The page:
First Look at the Second Location of Hollister Grill, a New Direction for a Spring Branch Standard
As the club scene along Washington Avenue fades into obscurity, I've been glad to see that the restaurant scene has done the exact opposite.
Photos by Katharine Shilcutt Hollister Grill is still in its soft opening stage, with a permanent sign coming soon.
Stalwarts such as Laredo Taqueria and Los Dos Amigos have remained in business while pioneers like Max's Wine Dive and Molina's -- two of the first "new" restaurants to move into the area back in 2007 and 2008 -- stay busy night after night. Other restaurants have taken concerted steps to reinvigorate themselves: Branch Water Tavern is undergoing a transformation of sorts into Federal American Grill, while Soma Sushi recently hired the talented Mark Gabriel Medina away from sister restaurant Kata Robata, revamping both the menu and the underutilized side patio simultaneously.
And when one restaurant drops out, another moves in to take its place. That's what happened when Chris Shepherd left Catalan and its owners changed culinary tactics before reopening as Italian-influenced Coppa. Its neighbor, Cova Hand-Selected Wines, closed last year but has now been replaced by a second location of Hollister Grill, the latest entrant in the busy dining scene between Houston Avenue and Westcott.
The original location of Hollister Grill in Spring Branch is much beloved by its devoted patrons, who flock to the unassuming restaurant for well-made comfort food like chicken fried rib eye steak and homemade meatloaf. The new location riffs on Hollister favorites such as these, with a more modern twist conferred by chef Jason Kerr.
The side patio is already being employed during this spate of nice weather.
The menu is a combination of owner Chuck Pritchett's focus on comfort-food classics and Kerr's own adventurous twists on these dishes. Kerr is perhaps best known for his work onboard food truck Zilla Street Eats, where he routinely rolled out deliberately crazy creations like the Garbage Burger, which came topped with hand-cut fries and macaroni and cheese -- among other things. But Kerr (also a former contributor here at Eating...Our Words) has a classical streak, too, honed from years in the kitchen at Cafe Rabelais.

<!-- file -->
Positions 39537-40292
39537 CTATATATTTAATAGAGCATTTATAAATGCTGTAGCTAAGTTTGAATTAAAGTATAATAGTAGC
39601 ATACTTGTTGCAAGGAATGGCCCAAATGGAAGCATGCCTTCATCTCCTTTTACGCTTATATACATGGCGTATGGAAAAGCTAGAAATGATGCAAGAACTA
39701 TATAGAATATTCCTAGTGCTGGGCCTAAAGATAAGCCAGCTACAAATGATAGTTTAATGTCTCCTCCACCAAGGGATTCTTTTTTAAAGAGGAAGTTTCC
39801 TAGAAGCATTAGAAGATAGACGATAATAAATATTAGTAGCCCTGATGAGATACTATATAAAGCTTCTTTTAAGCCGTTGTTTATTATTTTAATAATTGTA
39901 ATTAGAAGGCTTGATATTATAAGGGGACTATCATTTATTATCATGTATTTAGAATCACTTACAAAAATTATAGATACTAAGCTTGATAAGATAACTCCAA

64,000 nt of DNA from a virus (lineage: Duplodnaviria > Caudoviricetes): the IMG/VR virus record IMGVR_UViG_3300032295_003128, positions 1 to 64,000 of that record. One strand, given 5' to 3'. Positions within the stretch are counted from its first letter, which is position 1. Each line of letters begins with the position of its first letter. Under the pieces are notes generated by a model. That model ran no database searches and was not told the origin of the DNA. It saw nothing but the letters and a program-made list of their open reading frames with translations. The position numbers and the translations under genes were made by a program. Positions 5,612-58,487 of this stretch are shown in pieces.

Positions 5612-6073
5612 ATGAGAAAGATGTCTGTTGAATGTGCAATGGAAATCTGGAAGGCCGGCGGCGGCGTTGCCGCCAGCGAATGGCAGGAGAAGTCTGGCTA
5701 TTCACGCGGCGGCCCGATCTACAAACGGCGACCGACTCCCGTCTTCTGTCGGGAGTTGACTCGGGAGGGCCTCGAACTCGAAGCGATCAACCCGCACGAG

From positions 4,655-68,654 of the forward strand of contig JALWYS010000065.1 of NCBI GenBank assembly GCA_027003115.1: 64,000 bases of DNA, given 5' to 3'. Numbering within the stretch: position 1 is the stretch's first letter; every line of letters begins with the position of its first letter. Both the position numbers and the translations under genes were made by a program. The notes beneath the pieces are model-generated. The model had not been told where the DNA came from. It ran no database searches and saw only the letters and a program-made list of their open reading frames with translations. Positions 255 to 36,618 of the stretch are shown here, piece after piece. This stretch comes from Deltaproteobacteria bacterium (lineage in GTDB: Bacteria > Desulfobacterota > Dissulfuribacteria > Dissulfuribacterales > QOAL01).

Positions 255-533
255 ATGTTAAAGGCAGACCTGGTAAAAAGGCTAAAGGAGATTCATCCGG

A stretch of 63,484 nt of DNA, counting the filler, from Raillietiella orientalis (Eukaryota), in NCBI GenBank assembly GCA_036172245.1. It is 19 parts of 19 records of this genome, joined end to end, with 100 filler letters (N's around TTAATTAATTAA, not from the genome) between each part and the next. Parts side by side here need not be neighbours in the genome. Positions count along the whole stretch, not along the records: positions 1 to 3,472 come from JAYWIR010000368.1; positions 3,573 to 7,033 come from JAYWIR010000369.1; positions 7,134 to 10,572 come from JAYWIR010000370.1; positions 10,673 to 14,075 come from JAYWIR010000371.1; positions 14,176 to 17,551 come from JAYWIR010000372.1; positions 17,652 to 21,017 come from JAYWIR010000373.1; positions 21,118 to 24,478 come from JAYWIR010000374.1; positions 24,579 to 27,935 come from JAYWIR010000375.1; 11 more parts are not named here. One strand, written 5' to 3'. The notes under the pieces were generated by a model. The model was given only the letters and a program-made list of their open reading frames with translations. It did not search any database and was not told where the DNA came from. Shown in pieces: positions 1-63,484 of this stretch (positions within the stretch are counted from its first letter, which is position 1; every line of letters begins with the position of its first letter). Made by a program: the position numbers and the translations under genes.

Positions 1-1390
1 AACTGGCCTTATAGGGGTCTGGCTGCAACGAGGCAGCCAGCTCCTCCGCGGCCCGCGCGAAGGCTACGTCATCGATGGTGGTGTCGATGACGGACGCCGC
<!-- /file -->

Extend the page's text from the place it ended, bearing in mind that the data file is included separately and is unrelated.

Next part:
As such, the unlikely pairing of the elegant, straightlaced, well-dressed Pritchett and the be-mulleted Kerr -- who once memorably crashed an Anthony Bourdain talk at Jones Hall -- seems to be working quite well, even though Hollister Grill Part II has only been open for a week.
Photo via Facebook Chef Jason Kerr and his fabulous feathered mullet.
Neither this nor the temporary BYOB policy prevented Hollister Grill from filling up quickly last week when I visited for dinner. Fans have found their way to Pritchett's new location and are already packing in.
I tried the short rib pretzel crostini on recommendation from my waiter, who said it was his personal favorite. I should have known better than to expect simple short rib debris on crostini from Kerr, however.
Instead, the dish came out as salty hunks of pretzel bread cut into strips and covered with half a pound of tender short ribs. The bread was thirstily soaking up the meaty juices, which were enhanced with the addition of a perfectly fried egg and some garishly pink beet barbecue sauce that was tart, earthy, smoky and downright fun to behold.
At $10, the dish was big enough for a main dish although it was technically an appetizer and well-priced to boot. I couldn't resist supplementing it with some lovely macaroni and cheese, which also bore a very Kerr touch: crumbled Cheetos on top, in addition to salty hunks of bacon.
An appetizer of short rib "crostini" big enough for two.
I wasn't as taken with an arugula salad that bore ricotta, grapefruit, pine nuts and a sweet onion dressing accented with lime and chile. The sweet onion mixture was too viscous and too sweet, and ended up clashing with the buttery ricotta pretty jarringly. That said, I was still intrigued to work my way through the rest of Pritchett and Kerr's menu; I didn't even get to such entrées as Texas quail with butternut squash miso mash and sorghum, nor desserts like chocolate Butterfinger mousse cake with pretzel cream.
Sure, the idea of jazzing up comfort food isn't anything new, but I've always enjoyed both of the underpinnings present at Hollister Grill the second: Kerr's crazy, lowbrow-pop-culture takes on classics and Pritchett's attention to detail that ensures dishes are made to the highest standards. I'll be interested to see where these two men take the new Hollister Grill and where new restaurants like Hollister Grill take Washington Avenue in the coming years.
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